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Archives provinciales du Nouveau-Brunswick

Dictionary of Miramichi Biography

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FISH, FRANCES LILLIAN (1888-1975)

FISH, FRANCES LILLIAN, teacher, lawyer, and deputy county magistrate; b. Newcastle, 18 Dec 1888, d/o Charles Elijah Fish and Anne E. Willard; unmarried; d. Chatham, 27 Oct 1975.

After graduating from Harkins Academy, Frances L. Fish took degrees in classics from the universities of New Brunswick (BA 1910) and Chicago (MA 1913). In 1911-12 she worked as a teacher in Winnipeg. Between 1912 and 1915 she was assistant to the principal of the superior school in Campbellton, and for a few months in 1916 she was principal of the Blackville Superior School. She then left the educational field and entered Dalhousie University to study law.

Fish was the first woman to be granted an LLB by Dalhousie (1918) and the first woman to be admitted to the Nova Scotia bar. She was employed with a law firm in Halifax for about two years and with the legal department of the Metropolitan Life Insurance Co. in Ottawa for a somewhat lengthier period. She later worked in Montreal as a legal assistant to the Hon. Charles H. Cahan, secretary of state in the cabinet of Prime Minister R. B. Bennett. She failed to gain admittance to the Quebec bar, however, since women were not yet recognized as 'persons' in law in that province.

In 1934 Fish was called to the New Brunswick bar and returned to live in the family home in Newcastle. In the provincial election of 1935 she ran as a Conservative, and as the first woman to try to win a seat in the Legislative Assembly. The Liberals took all four seats in a landslide, but she polled the most votes of any of the Conservative candidates. She also ran federally in 1935 as a candidate for the short-lived Reconstruction party, only the national leader of which won election to the House of Commons. These were her only attempts to enter provincial or federal politics, but she remained active in the Conservative party and was later honored with a life membership.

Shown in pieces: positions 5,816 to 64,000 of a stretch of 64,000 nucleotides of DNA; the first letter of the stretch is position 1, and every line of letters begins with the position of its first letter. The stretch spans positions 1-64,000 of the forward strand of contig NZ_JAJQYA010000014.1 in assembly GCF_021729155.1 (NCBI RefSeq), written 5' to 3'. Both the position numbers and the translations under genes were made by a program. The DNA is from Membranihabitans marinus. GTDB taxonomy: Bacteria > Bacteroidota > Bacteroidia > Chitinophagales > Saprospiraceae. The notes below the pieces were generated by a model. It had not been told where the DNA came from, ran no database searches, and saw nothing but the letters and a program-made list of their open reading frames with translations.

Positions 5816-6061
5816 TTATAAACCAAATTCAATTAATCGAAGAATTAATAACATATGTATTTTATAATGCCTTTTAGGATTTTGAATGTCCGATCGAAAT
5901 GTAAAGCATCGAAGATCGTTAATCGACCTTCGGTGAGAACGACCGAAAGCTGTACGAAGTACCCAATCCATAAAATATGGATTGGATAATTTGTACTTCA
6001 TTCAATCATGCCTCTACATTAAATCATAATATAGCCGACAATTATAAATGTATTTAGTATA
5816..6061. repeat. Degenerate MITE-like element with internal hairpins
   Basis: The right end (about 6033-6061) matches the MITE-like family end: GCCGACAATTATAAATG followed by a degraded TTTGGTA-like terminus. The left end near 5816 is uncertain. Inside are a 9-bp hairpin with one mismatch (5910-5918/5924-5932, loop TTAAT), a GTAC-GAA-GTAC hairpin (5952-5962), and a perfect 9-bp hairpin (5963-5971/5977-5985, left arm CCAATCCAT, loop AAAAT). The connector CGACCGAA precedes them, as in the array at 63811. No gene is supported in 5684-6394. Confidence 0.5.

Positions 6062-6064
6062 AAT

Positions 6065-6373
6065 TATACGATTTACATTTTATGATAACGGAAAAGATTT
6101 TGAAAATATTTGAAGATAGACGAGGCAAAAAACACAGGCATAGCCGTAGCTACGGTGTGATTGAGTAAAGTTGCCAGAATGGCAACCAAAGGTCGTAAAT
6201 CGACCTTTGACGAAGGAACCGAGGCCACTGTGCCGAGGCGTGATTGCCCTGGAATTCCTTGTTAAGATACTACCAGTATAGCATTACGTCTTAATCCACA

Until the year before her death Fish pursued a private law practice in Newcastle in which she concentrated on criminal and divorce cases. In 1947 she was appointed deputy magistrate of Northumberland County, again as the first woman in New Brunswick to hold such a post. In the political and professional spheres she claimed to have been motivated purely by personal interest and ambition and denied ever having viewed herself as a crusader for women's rights.

As a young woman, Fish played hockey, swam, and engaged in other taxing sports. In later life she was an award-winning gardener. Most of her community activity came through her work, but she served terms as president of the local Children's Aid Society and secretary of the Red Cross Society. She was a life member of the IODE and an adherent of the United Church. At the time of her death she was a patient at Mount St Joseph in Chatham.

Sources

[b] church records [d] Leader 5 Nov 1975 / Advocate 24 May 1910, 10 Sep 1918, 6 Sep 1927, 28 Feb 1934; Commercial World 8 Mar 1962; NB Elections; PPNB; Telegraph 16 Feb 1963; Tulloch

Remarques

It was announced in the Union Advocate of 1 May 1928 that Fish had been granted a PhD in classics by the University of Chicago, and her possession of this degree was frequently asserted after that date, e.g., in Graves and PPNB. However, the university archives advises: "Our records do not indicate that Ms. Fish was ever awarded a Ph.D. degree from the University of Chicago."


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